New year, new you, new diet? If you’re like almost a quarter of last year’s New Year’s resolution makers, then you’ve made a vow to lose weight and improve your eating. When the new year comes around, so many women feel prompted to throw themselves into detoxes, fad diets, and get-fit-quick plans in an effort to undo the damage of holiday indulgence. But do any of these trends actually work?
While every diet that comes across your social media feed this month will undoubtedly promise to transform your life, it’s important to understand how these diets affect your hormones. This is important if you’re trying to lose weight and you’re struggling with PCOS, Fibroids, Endometriosis, or any other menstrual or fertility issue.
Different Diets and Effects on Hormones
It’s really important to look at your whole hormonal picture when trying to figure out how best to lose weight. If you’re struggling with any of the menstrual conditions we treat at The FLO Living Hormone Center, then focusing first on restricting calories instead of reducing estrogen levels is going to result in no weight lost and worsening of your symptoms. You likely already know this from trying so many different diets to lose weight, and thinking that your period issues weren’t tied into it, and not achieving lasting results.
I myself know this personally, as a former PCOS sufferer weighing over 200 lbs. I tried all the different diets and exercise plans and not only couldn’t get the scale to budge, but also continued to see my symptoms get worse. What I learned is that the whole premise of separating out weight, skin issues, period issues, mood issues or anything else for that matter is beyond inefficient. They body is encoded with a pattern that requires specific support and then like magic, things start to hum along the way they should and you don’t have any more struggle.
So, let’s look at all the different diets, and their impact on your hormones, so you can make the right decision for you.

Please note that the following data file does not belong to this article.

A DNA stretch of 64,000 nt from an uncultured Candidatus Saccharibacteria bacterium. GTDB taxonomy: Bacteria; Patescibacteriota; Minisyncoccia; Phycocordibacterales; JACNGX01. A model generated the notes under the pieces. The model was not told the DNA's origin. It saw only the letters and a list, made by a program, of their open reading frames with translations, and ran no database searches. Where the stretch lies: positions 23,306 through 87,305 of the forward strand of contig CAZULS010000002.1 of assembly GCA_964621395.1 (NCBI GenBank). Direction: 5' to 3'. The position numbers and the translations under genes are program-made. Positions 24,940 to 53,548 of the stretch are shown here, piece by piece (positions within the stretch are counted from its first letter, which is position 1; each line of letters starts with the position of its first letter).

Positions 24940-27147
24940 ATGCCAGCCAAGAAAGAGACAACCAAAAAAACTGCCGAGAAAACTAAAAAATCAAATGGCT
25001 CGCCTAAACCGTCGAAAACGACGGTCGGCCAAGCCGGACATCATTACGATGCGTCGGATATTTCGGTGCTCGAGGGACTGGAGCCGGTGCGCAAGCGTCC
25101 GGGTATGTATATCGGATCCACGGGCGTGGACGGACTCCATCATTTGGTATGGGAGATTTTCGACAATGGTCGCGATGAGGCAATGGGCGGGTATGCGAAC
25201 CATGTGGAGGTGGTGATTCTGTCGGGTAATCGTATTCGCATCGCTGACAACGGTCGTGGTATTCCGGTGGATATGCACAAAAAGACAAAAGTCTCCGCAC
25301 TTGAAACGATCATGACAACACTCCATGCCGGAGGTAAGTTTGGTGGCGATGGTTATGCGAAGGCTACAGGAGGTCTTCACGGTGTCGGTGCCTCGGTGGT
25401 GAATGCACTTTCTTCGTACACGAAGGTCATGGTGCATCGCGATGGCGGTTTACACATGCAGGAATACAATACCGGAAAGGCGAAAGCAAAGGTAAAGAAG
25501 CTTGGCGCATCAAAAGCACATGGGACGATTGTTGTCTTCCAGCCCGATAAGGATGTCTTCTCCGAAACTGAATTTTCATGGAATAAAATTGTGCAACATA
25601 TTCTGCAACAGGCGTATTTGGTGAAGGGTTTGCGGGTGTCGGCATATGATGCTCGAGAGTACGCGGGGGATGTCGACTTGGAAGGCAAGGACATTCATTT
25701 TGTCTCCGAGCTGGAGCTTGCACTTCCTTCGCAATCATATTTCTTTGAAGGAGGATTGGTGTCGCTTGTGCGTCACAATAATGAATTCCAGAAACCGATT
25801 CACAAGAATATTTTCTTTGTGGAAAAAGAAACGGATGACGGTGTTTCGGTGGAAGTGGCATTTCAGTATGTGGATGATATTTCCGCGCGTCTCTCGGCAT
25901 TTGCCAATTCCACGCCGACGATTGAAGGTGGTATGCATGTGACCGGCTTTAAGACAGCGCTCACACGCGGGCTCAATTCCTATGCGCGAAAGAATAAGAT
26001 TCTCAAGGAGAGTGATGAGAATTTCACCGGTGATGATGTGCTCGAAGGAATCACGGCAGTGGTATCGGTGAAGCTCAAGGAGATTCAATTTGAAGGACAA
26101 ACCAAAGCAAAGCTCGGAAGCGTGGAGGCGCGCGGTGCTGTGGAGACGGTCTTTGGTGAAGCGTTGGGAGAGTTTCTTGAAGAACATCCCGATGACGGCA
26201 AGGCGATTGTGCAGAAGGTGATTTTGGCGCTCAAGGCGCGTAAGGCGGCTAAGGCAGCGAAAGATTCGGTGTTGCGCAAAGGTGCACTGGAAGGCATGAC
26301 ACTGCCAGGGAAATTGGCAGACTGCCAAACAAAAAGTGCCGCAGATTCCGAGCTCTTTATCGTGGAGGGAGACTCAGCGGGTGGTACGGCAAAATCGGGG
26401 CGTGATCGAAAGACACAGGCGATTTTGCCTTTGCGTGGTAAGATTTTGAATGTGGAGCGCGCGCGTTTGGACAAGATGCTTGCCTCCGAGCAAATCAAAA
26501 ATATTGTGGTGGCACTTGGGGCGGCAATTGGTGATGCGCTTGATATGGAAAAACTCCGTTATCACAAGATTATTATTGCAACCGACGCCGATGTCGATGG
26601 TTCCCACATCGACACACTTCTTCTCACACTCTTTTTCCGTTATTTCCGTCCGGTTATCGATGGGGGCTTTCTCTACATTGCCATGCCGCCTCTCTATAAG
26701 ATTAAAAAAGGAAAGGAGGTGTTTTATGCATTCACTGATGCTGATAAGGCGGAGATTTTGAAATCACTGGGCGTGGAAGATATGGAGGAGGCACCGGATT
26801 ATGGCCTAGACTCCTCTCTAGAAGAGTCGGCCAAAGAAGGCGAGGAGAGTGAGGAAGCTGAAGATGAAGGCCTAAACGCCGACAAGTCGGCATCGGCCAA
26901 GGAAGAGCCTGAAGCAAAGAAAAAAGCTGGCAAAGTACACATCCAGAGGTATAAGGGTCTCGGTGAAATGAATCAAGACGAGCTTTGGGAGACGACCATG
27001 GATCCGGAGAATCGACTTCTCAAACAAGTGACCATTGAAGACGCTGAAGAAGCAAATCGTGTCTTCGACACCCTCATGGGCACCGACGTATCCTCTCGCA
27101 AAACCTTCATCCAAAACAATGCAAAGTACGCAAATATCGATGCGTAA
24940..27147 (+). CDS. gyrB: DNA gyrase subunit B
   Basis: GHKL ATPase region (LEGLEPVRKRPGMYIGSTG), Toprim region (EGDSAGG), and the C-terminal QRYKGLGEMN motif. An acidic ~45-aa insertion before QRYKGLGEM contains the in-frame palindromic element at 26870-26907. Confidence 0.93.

The Ketogenic Diet
This low-carb plan is intended to put your body into ketosis, a natural process that occurs when you restrict glucose and start burning fat as a fuel source. People on this type of diet usually eat less than 50 grams of carbs a day. Think of it as an even more carb-restrictive, fat-heavy form of Paleo or Atkins, which both glorify protein and fat and villainize carbs.
Upside: You’ll be less likely to consume processed junk if you’re seeking out fresh, whole foods, and you’ll likely feel satiated thanks to the ample protein and fat, even though most carbs will be off the table.
Hormonal Downside: There is conflicting information on the effects of this diet on your thyroid health and much of it concludes that it affects T3 production. With so many women struggling with hypothyroidism, it’s important to know this can adversely affect you.
Just about everyone needs to consume raw fruits and veggies on a regular basis, but a true raw vegan diet means that none of the plant-based-only foods you eat can be heated over 104-118 degrees F, and absolutely nothing should be pasteurized, refined, treated with pesticides, or processed. Advocates of raw veganism believe cooking food destroys important enzymes and reduces their nutritional content.
Upside: Loading up on organic, fiber-rich fruits and veggies is always a good idea! An abundance of these can improve your digestion and improve heart health, reduce cholesterol and inflammation. The influx of antioxidants can clear your skin and, according to some research, contribute to cancer prevention.